As Halloween approaches, I wished to continue my theme from last week.

For Italian Witches, or those who follow the spiritual path of Stregheria, the pagan holiday of Samhain is known as, Shadowfest. ( La Festa dell’ Ombra). On October 31st, the deceased return to the world of the living for three days until they depart again on the second of November.

As hosting a Dumb Supper is traditional for some witches, it is customary for Sicilians to gather at the graves of loved ones and leave them food. One of the most traditional foods to be served is fava bean soup. Since the days of the Roman Empire, the bean has been associated with the dead due to a single black mark on the white petal. Bowls of the soup are left outside at the witching hour for the spirits to enjoy, and then buried when the sunrises.

Today in Italy, it is common to eat fave dei morte sweets shaped as skeletons. While modern Sicilians also partake in sugary figures shaped from legendary heroes.*

This practice of honoring the spirits of the dead for multiple days can also be found in Mexico’s, Día de Muertos which also lasts from October 31st through November second. Skulls made of sugar, marigolds, and favorite foods are brought to the graves of loved ones. November first, Día de los Angelitos, is set aside to honor children, while the second day of the month, Día de los Muertos, is to remember the adults beyond the veil.

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* information from Raven Grimassi’s, Hereditary Witchcraft

original title:  La noche de Walpurgis (1971)

Werewolf Versus Vampire Woman- ad

With a title such as, Werewolf Versus the Vampire Woman, how could a lady such as I resist?   The sound of it alone brought me back to the little kid watching Creature Double Feature on Saturday afternoons.   Not to mention the slew of John Sinclair horror pulp novellas  which reside in this apartment.

Is this a great piece of filmmaking?  A masterpiece of cinematic technique?  Hardly.  It is unabashadly a B- film from the cheap sets,  silly dialogue, acting that seesaws between stilted and melodramtic, and heaving bosoms.  Don’t watch expecting a Psycho, Exorcist, Black Sunday, Suspiria, The Haunting, or anything of that ilk.   That said, I don’t judge any film or book in comparion to others.   One of my main tenants in critique is, did it do what it set out to do?

If director Leon Klimovsky and script writers, Paul Naschy and Hans Munkel, wished to entertain me, they succeeded.

Starring Naschy as Waldemar Daninsky and Gaby Fuchs as Elvira, this is a fun romp from the moment Elvira (with gal pal, Genevieve in tow) goes off to research the legend of a Countess Wandessa, rumored to have been a Hungarian vampire in the eleventh century.   As a writer of the occult, Elvira can hardly resist the story of a woman who practiced all methods of dark magic.  Of how members of the Inquisition tried to arrest her, but all who opposed her ended up dead.  Of a woman who preserved her beauty by drinking the blood of virgins.  Of how she was finally killed by her own lover who stabbed her in the chest.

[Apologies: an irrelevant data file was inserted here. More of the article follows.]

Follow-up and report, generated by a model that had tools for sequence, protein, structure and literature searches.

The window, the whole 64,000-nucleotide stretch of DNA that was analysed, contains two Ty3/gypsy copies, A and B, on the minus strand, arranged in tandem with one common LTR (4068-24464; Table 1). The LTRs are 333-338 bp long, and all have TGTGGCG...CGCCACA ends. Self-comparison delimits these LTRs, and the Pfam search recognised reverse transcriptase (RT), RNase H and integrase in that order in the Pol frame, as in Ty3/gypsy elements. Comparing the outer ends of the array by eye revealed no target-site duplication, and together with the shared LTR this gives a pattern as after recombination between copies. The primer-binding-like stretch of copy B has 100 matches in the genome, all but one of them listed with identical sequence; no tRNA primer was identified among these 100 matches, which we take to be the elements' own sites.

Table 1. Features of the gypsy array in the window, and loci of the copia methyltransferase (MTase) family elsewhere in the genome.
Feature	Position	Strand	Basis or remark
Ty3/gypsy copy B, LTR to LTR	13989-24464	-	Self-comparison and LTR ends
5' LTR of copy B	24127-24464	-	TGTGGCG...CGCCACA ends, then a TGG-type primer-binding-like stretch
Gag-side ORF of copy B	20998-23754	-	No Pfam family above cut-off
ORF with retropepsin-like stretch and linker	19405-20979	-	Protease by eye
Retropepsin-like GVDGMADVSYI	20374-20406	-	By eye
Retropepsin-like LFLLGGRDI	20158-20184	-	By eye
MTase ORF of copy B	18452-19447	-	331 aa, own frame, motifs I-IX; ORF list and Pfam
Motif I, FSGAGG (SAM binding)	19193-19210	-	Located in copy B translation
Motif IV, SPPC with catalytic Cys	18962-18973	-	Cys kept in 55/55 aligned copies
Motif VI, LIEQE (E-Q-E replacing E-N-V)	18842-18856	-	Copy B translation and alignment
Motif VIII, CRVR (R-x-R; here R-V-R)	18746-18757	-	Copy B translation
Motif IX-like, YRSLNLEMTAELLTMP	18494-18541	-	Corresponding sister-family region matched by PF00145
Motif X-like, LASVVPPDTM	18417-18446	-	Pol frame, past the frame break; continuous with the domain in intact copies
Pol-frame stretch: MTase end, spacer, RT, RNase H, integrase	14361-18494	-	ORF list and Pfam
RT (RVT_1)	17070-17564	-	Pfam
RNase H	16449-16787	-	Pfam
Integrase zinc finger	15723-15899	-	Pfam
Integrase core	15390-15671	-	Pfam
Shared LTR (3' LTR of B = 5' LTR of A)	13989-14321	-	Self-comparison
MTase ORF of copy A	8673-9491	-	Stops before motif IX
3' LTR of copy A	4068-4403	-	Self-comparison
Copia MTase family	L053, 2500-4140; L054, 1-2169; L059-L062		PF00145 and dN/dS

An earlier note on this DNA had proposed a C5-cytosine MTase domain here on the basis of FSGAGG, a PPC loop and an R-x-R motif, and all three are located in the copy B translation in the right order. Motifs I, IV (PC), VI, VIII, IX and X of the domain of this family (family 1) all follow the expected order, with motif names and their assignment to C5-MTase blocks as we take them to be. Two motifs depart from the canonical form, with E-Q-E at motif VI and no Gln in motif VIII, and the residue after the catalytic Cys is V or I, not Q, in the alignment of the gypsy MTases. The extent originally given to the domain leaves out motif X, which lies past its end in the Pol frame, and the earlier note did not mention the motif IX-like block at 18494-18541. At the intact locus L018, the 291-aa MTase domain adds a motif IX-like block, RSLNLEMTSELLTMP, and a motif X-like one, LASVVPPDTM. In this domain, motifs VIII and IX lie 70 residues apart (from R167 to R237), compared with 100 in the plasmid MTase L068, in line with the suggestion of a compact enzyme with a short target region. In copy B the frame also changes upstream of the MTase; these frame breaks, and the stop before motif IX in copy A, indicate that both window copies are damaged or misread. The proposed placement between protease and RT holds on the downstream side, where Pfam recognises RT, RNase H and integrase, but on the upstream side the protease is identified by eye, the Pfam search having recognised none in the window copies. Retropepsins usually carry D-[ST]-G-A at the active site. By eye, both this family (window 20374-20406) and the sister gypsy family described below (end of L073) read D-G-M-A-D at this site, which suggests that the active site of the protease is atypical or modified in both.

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Naturally, fate sees it that the women get lost, while also running low on gasoline.  The droll Genevieve (Barbara Capell), jokes maybe Count Dracula will appear, and surely he will invite them to spend the night at his castle.    Elvira jocularly tells her to shut up.  However, her humor disipates when they do reach a run down castle where a Count Waldemar does indeed invite them to stay, as long as they wish.  From the start, she is suspicious of the oddness of the man, and his surroundings.   “This man has been lying to us all this time.  Have you noticed how the table was set?  Only a woman has that eye for attention.”

After listing all the weird things she’s noticed, Genevieve retorts by granting them all rational explanations.    Again she jokes of the undead.  “No vampire is going to suck your blood.”

Oh, dear.  Then you shouldn’t disturb graves of reputed Vampirin.

Perhaps it is this interest in vampires, that incites the risen Countess  to lure the woman into her coven.

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When the turned Genevieve tries to seduce Elvira into joining them, “I’m so happy.  It’s beautiful,”- Elvira is left to try to rescue her friend, as well as help the hairy Count destroy the vampiric witch once again.

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A Little Old Jazz

Posted: September 29, 2013 in music, silent films, Uncategorized

First entry in my new blog.   This will be very quick as I want to visit everyone else.   Can’t wait to catch up on a lot of reading.  🙂

Here is just a video from Jesse Crawford, a leading jazz organist from silent films.

Performing Irving Berlin’s, Blue Skies: